Virginia faces its worst fiscal crisis in fifty years. Gov. Mark Warner is trying to lessen his budget blows by freezing, not slashing, services like Medicaid.
Dr. Bob Roberts, Political Analyst and JMU Professor, explains.
"Medicaid is a program that is exploding in costs. It's escalating at 16 to 17 percent a year. So, what they're doing is not necessarily cutting it, but significantly slowing its growth," he says.
Reimbursements to hospitals and nursing homes are on hold. But Warner is promising 60 million more for health care programs. Analysts say that amount like the $65 million increase for public education, falls short of the state's needs.
"When our children look back at our work, will they see gridlock and partisanship, or reform and progress?" asks Gov. Mark Warner.
Communities will feel the sting of $145 million in cutbacks. And Virginians should expect increased fees for services that used to be free. State police, local sheriffs and commonwealth attorneys face a five percent cut but no lay-offs. And Warner hopes to eliminate or merge 12 state agencies in 2003.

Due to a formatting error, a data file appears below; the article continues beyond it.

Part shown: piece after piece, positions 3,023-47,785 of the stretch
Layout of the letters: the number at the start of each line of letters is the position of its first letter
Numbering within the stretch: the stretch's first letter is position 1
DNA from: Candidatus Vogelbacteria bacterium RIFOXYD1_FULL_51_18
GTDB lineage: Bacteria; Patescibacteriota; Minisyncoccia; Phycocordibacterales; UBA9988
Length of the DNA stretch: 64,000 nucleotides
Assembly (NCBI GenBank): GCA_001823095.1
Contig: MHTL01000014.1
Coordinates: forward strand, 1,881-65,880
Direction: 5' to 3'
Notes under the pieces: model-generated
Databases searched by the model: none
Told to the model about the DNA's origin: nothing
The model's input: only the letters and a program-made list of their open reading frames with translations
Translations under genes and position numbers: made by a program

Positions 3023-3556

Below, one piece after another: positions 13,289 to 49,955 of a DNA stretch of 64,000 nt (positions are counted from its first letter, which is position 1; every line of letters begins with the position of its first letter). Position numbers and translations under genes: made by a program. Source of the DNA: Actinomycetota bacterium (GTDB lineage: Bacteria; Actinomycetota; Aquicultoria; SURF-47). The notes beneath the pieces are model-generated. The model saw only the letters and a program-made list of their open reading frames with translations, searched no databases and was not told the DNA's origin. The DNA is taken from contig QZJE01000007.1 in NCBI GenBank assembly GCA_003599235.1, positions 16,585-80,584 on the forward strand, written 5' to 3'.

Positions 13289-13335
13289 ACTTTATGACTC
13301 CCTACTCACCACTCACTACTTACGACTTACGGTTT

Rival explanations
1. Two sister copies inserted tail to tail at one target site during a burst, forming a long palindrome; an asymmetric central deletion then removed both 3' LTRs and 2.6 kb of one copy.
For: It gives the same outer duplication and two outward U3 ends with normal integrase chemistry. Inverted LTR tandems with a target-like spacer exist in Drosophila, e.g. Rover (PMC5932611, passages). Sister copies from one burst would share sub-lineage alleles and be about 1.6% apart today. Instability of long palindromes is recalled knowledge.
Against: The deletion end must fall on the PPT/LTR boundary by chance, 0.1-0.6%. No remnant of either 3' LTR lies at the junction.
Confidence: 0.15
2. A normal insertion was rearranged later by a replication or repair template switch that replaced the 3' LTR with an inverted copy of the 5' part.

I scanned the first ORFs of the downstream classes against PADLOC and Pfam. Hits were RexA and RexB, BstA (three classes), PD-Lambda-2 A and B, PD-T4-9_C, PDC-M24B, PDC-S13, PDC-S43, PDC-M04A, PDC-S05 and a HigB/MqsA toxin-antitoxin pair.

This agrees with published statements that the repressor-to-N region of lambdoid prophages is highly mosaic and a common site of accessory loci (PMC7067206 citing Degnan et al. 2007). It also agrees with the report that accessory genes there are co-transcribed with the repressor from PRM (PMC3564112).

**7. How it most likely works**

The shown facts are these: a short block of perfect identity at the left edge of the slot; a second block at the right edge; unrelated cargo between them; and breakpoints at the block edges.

"A lot of agencies hit fairly reasonably in 2003 will be hit a lot harder in 2004," points out Roberts.
Warner plans to offset the cuts by dipping into the state's rainy day reserve.
"During the 1990s, the state built up a half a billion dollars in reserve in case of a fiscal exigency. And they're going to spend that down to about 100 million dollars. So, they're really spending that down to about zero," says Roberts.
Christmas sales and car sales could boost the economy next year, but if not, deeper cuts and higher taxes are on the horizon.
Analysts say Warner's amendment proposal is well-crafted and sophisticated. And they don't expect that the state legislature will tweak it much. In fact, they say the alternatives are worse.